The interior of that Tesla looks like a 1980s bus terminal. Oh, and how are you going to retrieve all the stuff that falls down that huge unprotected opening in the dash? I guess it’s a vent, but it looks like gum, pens, paper, ChapStick, and anything else lying around will get swallowed up. I’ll bet there’s a big electromagnet at the bottom to sweep it all up.
Winston Salem, North Carolina
Regarding the Tesla Model 3 being the Design of the Year: It resembles a General Motors 1999 EV1 with a Kim Kardashian rear end. It does have a bit more than double the range of the EV1, so I guess that’s progress after nearly 20 years.
Other than the fact that it’s electric, the autopilot stuff, and the Elon Musk cult, the Model 3 pretty much offers what any other car does.
Colorado Springs, Colorado
Design of the Year? I don’t get it at all. Was there just no other car to give the award to? I’m no hater; the Model S is absolutely stunning. But the 3 looks like anything else on the road, and its interior is just plain boring. Now, maybe the car deserves a “functionality” award of the year, but design? And don’t even get me started on the nod to classic Pininfarina. What is Cumberford smoking?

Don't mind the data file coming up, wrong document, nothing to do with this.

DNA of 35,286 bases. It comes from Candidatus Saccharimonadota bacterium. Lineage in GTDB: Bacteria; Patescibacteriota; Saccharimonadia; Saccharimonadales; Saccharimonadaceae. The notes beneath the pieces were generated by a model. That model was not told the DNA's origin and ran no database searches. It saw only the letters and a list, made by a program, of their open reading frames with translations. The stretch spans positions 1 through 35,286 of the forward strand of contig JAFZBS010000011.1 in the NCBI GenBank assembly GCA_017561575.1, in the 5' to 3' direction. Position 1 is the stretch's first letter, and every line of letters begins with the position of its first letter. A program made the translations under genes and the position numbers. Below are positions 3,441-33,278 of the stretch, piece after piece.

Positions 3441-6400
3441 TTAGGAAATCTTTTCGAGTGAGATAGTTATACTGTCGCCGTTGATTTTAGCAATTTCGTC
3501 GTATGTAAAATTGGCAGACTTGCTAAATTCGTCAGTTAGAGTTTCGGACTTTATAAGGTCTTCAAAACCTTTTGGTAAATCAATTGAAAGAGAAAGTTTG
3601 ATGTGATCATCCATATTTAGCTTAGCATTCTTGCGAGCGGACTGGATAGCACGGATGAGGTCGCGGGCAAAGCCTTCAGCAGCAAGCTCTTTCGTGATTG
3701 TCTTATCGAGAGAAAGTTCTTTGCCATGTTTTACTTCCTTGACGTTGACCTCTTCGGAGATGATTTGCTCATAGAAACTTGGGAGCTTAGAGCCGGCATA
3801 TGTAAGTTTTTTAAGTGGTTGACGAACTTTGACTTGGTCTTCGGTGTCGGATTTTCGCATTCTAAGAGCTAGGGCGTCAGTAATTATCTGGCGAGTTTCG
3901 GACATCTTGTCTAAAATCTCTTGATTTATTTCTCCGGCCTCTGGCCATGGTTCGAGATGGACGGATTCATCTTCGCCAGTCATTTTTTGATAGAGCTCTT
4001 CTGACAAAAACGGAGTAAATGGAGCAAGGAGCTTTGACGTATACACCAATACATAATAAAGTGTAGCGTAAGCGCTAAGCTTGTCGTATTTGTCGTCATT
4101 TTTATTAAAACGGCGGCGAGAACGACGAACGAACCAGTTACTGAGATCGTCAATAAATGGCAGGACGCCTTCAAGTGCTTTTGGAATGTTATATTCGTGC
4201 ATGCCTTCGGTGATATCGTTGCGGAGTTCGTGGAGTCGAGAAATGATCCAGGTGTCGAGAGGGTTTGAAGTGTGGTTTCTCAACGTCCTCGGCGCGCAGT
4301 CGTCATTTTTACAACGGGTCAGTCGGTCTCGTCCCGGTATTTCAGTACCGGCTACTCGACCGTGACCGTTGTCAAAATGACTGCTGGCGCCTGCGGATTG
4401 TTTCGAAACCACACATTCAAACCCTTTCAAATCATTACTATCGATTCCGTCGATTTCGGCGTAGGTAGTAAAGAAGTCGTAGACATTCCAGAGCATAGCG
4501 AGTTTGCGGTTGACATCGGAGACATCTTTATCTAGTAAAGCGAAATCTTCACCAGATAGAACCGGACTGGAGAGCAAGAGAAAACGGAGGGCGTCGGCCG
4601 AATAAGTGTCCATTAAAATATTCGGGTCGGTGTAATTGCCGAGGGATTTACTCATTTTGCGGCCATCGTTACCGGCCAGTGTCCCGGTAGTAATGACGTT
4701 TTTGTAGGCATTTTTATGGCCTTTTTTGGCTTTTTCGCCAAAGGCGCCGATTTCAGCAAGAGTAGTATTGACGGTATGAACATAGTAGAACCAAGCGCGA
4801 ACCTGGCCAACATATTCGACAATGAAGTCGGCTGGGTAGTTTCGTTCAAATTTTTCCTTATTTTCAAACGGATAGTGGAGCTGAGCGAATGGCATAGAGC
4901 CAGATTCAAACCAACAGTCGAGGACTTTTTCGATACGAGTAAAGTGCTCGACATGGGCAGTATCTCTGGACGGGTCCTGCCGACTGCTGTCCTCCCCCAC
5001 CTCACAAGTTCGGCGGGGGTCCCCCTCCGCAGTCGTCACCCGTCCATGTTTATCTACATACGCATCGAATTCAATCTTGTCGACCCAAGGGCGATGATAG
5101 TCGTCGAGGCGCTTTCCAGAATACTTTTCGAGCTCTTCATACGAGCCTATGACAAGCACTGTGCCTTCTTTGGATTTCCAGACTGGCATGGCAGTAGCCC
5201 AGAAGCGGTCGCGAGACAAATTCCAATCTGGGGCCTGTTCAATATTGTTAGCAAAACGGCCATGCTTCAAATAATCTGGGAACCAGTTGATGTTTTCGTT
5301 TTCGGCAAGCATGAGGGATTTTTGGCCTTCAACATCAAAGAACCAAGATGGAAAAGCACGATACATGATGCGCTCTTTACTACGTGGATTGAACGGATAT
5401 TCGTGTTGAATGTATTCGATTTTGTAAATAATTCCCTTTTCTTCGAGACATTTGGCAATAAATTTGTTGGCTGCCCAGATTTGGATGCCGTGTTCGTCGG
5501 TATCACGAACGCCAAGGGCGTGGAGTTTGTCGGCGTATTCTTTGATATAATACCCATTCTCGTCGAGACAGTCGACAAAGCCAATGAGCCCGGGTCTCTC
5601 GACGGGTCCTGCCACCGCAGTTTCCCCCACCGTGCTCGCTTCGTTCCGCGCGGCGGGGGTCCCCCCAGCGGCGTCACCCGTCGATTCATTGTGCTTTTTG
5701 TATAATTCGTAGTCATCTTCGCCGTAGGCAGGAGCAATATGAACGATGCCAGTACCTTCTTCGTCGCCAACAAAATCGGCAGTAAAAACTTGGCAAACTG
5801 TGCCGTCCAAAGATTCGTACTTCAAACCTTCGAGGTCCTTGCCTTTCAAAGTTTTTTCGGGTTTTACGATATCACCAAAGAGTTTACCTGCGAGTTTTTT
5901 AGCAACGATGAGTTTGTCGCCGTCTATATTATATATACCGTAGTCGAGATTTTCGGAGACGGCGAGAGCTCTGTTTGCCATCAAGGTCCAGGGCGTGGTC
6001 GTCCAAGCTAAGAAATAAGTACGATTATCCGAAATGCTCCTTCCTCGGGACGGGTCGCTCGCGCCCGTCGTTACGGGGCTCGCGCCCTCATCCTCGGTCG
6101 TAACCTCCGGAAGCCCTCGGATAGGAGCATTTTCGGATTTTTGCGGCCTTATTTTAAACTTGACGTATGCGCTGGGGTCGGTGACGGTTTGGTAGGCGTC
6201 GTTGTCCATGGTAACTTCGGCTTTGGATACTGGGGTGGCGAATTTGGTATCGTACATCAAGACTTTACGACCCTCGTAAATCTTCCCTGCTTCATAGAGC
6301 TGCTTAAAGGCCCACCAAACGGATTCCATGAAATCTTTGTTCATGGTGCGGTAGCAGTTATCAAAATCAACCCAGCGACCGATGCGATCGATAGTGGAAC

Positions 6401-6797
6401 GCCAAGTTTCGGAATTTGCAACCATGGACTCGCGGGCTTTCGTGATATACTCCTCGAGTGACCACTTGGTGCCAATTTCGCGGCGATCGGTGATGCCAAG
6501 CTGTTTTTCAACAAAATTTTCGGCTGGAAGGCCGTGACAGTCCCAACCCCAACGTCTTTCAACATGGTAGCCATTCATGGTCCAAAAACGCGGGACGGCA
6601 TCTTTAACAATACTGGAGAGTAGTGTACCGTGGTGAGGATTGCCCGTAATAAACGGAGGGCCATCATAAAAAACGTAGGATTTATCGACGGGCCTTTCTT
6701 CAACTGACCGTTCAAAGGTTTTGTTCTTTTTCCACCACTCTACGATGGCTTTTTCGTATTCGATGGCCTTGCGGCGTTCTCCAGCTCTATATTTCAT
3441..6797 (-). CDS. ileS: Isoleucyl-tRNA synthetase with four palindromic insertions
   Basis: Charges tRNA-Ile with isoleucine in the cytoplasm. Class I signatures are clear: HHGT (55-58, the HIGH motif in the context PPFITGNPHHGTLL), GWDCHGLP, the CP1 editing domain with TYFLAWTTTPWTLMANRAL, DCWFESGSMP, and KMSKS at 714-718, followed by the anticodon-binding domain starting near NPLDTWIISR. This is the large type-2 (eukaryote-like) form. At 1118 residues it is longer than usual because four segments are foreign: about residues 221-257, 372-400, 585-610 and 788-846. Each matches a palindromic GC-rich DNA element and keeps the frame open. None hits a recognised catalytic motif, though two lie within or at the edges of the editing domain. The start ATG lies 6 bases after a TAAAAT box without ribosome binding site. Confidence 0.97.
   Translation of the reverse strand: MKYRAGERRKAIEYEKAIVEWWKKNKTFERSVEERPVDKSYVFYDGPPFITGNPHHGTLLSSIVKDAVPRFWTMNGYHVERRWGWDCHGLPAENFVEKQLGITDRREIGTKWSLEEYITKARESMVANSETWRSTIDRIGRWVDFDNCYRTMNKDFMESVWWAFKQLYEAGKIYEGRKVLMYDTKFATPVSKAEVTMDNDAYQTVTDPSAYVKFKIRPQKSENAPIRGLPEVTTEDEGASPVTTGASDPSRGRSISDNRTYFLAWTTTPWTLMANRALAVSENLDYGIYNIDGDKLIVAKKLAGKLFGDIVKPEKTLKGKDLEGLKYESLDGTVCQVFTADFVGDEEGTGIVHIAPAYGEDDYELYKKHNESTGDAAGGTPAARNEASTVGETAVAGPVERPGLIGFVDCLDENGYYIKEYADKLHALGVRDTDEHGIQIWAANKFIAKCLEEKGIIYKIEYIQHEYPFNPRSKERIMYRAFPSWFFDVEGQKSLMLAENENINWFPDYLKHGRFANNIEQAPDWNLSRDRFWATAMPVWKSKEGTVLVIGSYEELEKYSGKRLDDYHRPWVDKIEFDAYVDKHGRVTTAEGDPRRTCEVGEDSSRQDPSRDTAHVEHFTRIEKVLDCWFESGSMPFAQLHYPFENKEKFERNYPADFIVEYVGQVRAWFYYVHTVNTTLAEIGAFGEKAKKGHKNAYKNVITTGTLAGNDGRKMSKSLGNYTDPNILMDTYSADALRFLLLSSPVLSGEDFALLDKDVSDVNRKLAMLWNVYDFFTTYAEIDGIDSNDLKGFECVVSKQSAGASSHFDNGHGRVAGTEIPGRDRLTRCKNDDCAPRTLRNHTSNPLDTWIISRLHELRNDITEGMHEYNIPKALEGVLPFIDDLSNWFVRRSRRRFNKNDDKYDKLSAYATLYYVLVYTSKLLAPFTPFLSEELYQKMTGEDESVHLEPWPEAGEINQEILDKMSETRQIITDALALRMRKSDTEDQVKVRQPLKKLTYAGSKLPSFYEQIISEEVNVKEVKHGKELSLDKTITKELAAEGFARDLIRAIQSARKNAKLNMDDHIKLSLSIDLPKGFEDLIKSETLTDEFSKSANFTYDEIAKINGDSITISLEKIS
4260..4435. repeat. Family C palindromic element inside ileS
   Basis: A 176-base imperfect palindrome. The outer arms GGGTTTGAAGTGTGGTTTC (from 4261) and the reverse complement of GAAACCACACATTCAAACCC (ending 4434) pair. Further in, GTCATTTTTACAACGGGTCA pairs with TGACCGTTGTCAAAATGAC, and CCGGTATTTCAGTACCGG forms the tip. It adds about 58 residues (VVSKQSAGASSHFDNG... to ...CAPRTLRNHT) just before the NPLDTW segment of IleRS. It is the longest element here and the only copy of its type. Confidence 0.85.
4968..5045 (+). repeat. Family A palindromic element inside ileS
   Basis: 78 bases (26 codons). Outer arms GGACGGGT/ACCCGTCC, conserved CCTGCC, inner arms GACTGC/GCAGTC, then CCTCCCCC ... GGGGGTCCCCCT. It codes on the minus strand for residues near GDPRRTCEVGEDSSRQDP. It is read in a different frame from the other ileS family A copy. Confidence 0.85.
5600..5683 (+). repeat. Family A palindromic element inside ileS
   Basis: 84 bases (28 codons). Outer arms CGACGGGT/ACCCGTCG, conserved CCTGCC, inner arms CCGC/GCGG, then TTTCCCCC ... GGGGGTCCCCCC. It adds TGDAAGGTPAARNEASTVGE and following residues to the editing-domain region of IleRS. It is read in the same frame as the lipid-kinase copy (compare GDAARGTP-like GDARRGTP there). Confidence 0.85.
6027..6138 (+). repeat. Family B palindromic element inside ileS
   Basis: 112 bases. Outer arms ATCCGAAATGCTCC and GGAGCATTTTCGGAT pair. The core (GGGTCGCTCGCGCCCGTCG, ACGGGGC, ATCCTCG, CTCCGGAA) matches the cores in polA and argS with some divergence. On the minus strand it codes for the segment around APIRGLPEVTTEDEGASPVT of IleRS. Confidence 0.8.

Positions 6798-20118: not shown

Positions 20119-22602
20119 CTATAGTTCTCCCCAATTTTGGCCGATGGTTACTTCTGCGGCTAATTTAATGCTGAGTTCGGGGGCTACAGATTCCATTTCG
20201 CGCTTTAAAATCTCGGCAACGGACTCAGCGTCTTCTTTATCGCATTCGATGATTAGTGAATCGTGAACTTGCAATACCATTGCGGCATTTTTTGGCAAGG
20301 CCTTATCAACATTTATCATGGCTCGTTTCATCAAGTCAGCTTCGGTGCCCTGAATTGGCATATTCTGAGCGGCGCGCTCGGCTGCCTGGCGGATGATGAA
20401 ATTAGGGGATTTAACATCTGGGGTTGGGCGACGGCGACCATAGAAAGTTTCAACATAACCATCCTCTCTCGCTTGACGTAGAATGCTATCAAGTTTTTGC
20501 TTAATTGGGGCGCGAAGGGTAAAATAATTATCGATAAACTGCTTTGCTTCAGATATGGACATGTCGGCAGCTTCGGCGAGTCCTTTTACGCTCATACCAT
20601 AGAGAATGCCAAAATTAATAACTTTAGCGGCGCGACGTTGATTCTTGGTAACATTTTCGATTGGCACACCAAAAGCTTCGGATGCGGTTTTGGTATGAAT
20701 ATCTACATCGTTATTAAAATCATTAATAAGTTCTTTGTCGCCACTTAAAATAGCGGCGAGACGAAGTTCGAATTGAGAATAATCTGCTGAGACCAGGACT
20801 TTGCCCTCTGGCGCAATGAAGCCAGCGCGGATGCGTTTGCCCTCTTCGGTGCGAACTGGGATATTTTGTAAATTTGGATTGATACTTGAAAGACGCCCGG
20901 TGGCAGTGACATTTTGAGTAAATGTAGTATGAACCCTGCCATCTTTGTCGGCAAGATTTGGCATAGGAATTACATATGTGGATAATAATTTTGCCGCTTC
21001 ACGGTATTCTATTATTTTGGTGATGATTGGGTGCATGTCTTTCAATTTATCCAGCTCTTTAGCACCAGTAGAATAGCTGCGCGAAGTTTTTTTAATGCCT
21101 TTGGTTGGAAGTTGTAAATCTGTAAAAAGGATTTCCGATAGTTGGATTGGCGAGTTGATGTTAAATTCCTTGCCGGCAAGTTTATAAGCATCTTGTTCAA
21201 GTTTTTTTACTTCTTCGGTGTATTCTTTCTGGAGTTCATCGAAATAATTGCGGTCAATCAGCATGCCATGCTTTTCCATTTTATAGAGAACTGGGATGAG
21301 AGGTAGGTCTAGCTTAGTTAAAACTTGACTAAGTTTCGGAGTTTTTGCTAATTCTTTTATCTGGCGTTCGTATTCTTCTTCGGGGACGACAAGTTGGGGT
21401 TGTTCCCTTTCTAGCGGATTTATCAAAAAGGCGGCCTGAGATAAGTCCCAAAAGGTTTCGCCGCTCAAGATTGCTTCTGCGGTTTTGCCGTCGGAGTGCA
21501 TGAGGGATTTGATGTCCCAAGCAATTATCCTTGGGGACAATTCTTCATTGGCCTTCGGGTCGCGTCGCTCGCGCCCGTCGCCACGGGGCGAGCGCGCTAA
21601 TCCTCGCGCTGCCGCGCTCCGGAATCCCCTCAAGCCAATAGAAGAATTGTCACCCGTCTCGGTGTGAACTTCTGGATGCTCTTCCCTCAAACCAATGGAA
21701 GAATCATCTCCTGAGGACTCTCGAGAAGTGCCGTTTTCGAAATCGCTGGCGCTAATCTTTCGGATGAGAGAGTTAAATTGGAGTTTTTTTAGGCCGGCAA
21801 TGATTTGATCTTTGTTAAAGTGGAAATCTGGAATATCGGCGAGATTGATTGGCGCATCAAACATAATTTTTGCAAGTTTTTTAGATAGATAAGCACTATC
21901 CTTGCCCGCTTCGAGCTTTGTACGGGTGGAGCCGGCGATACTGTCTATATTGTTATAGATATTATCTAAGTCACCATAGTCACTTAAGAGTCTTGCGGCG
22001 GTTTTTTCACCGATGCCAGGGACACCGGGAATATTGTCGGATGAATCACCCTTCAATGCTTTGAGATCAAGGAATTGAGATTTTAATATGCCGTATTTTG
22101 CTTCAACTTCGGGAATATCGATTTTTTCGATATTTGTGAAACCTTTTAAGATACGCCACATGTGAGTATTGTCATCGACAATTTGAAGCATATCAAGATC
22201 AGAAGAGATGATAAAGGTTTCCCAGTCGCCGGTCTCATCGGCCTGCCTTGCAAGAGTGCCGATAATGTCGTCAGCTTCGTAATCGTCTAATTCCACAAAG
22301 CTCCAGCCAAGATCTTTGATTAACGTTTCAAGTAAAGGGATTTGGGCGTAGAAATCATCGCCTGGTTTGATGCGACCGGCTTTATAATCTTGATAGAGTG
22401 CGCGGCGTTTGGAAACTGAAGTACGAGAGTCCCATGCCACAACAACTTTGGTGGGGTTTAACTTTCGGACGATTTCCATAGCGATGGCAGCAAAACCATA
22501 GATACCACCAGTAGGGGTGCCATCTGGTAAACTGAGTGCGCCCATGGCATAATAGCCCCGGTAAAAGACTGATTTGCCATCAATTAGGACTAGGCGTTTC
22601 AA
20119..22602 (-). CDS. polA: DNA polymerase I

Regarding Arthur St. Antoine’s February column: In 1971, I was 13 years old. My friend Ennis called me one night and said, “There’s a movie playing downtown that shows boobs, and it’s rated PG!” I replied, “What’s it about?” Incredulous, Ennis said, “Who cares? We can get in! Get your mother to drive you there, and don’t tell her that part!” I didn’t, and she did. Ennis was right. I recall actually liking the rest of the movie too. As an adult, I’ve often thought about renting “Vanishing Point” (now re-rated to R) but always figured that my wife would give me a dope slap.
Now I have a valid excuse: “Honey,
I’m going to rent a car movie that comes highly recommended by a respected editor of Automobile.
I have no idea what it’s about.”
Write: Automobile magazine, 831 S. Douglas St., El Segundo, California, 90245 Email: firstname.lastname@example.org. Letters may be edited for clarity and length. Customer service: email@example.com; 800-289-2886